Abstract 4345: Identification of Responders to CRT by Stress Echo: No Contractile Reserve, No Party
Cardiac resynchronization therapy (CRT) is increasingly used, but the identification of “responders” remains challenging.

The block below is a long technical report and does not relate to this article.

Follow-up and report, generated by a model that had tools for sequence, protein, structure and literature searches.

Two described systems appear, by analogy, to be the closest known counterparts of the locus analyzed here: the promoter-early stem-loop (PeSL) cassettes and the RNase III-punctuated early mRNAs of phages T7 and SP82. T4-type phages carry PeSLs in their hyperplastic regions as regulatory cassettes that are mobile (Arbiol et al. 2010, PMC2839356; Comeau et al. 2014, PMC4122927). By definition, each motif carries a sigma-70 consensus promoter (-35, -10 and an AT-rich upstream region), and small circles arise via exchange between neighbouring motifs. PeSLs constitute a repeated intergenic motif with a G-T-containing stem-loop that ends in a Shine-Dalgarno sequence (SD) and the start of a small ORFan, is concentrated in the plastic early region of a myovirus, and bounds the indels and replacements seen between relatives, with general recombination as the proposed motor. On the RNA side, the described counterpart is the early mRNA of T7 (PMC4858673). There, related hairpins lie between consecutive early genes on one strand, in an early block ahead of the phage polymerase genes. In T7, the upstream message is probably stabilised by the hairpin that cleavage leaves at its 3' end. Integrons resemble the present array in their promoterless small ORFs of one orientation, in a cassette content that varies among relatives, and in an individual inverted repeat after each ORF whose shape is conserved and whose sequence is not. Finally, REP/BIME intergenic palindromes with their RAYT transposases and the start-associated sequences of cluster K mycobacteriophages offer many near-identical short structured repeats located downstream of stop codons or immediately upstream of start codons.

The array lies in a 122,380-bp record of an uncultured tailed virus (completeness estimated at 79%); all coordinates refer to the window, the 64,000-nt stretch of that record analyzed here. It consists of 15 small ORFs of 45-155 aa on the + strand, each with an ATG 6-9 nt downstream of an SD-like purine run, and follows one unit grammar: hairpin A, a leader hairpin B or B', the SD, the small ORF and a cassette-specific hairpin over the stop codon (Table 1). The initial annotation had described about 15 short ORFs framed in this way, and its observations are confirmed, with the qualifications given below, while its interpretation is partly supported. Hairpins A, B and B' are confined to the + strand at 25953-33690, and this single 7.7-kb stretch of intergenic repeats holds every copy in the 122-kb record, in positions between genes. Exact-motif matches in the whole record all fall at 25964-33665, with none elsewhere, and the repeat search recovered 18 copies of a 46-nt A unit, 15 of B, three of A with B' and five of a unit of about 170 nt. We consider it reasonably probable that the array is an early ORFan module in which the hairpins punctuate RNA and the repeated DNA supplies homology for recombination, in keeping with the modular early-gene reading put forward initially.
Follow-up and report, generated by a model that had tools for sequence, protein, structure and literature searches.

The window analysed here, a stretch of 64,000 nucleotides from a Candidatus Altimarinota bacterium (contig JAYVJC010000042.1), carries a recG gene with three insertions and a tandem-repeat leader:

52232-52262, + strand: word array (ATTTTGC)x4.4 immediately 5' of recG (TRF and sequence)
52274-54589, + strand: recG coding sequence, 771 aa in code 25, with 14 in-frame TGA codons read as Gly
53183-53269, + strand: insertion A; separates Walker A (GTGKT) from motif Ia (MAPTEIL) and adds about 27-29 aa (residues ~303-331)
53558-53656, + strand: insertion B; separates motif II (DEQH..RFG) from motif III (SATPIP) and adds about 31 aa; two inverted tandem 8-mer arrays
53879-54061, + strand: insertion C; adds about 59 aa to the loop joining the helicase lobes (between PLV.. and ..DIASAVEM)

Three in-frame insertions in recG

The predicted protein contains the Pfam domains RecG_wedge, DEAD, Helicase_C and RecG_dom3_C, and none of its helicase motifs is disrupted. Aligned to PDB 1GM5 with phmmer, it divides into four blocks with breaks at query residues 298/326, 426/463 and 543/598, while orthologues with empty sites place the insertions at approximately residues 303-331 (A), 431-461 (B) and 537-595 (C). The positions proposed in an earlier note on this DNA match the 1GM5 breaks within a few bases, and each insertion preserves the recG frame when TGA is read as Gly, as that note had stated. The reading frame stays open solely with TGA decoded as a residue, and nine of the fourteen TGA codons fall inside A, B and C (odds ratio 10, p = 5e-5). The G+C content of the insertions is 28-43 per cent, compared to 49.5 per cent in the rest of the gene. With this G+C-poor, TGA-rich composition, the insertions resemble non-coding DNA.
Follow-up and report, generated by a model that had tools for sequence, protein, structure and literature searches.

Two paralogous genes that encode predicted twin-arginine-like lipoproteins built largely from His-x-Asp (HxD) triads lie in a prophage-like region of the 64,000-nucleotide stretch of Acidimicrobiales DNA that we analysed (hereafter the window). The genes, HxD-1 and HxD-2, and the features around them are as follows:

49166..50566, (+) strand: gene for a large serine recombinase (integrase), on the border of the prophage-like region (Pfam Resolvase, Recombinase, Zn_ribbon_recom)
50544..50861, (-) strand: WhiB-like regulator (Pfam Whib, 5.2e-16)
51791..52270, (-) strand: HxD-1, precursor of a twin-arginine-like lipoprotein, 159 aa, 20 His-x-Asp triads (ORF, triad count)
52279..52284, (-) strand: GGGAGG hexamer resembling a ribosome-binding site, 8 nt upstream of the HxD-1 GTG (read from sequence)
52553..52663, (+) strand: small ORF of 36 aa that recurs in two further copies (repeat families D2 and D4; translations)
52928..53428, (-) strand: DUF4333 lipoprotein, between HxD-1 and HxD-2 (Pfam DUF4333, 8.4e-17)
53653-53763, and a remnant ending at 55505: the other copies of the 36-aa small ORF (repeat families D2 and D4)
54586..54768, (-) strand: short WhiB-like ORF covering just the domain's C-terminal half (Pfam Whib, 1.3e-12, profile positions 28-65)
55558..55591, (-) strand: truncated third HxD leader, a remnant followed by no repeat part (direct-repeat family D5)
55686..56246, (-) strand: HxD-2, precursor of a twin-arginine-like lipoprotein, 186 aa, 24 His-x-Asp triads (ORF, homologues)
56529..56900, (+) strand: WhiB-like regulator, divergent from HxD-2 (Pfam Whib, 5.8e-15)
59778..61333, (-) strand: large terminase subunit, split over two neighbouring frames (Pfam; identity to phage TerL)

Aim: to assess the value of rest (for dyssynchrony, DYS) and stress (for contractile reserve, CR) echo to identify responders. In a prospective, multicentre study design, we enrolled 55 patients (age 69±8 years; 60% with ischemic etiology) referred to CRT, all with LV ejection fraction ≤35%, NYHA ≥IIb and QRS duration ≥130 milliseconds. All patients underwent a baseline study for DYS (Tissue Doppler criteria, 6-segment approach, Bax dyssynchrony index > 65 ms) and dobutamine stress echo (up to 40 mcg/Kg/min, with presence of CR defined as a wall motion score index, WMSI, increase > 0.20) with core lab reading. “Responders” were identified by clinical (survivors, with NYHA class improvement ≥1 grade) and/or echocardiographic (LV end-systolic volume, ESV, decrease ≥15% at 6-months follow-up) criteria. In the follow-up, 28 (51%) patients were responders to CRT. At individual patient analysis, CR was more often associated with a favourable outcome whereas DYS criteria were equally present in the 2 groups: see figure⇓. At multivariate analysis, CR (OR=6.2, 95% CI=1.4–27.6) and ischemic etiology (OR=0.20, 95% CI=0.05–0.73) were the best predictors of clinical and echo response to CRT, regardless of DYS. Patients with CR during stress echo show a favourable clinical and reverse LV remodelling response to CRT. This finding shifts the focus from electrical (DYS) to the myocardial substrate of functional response to CRT: no muscle, no party!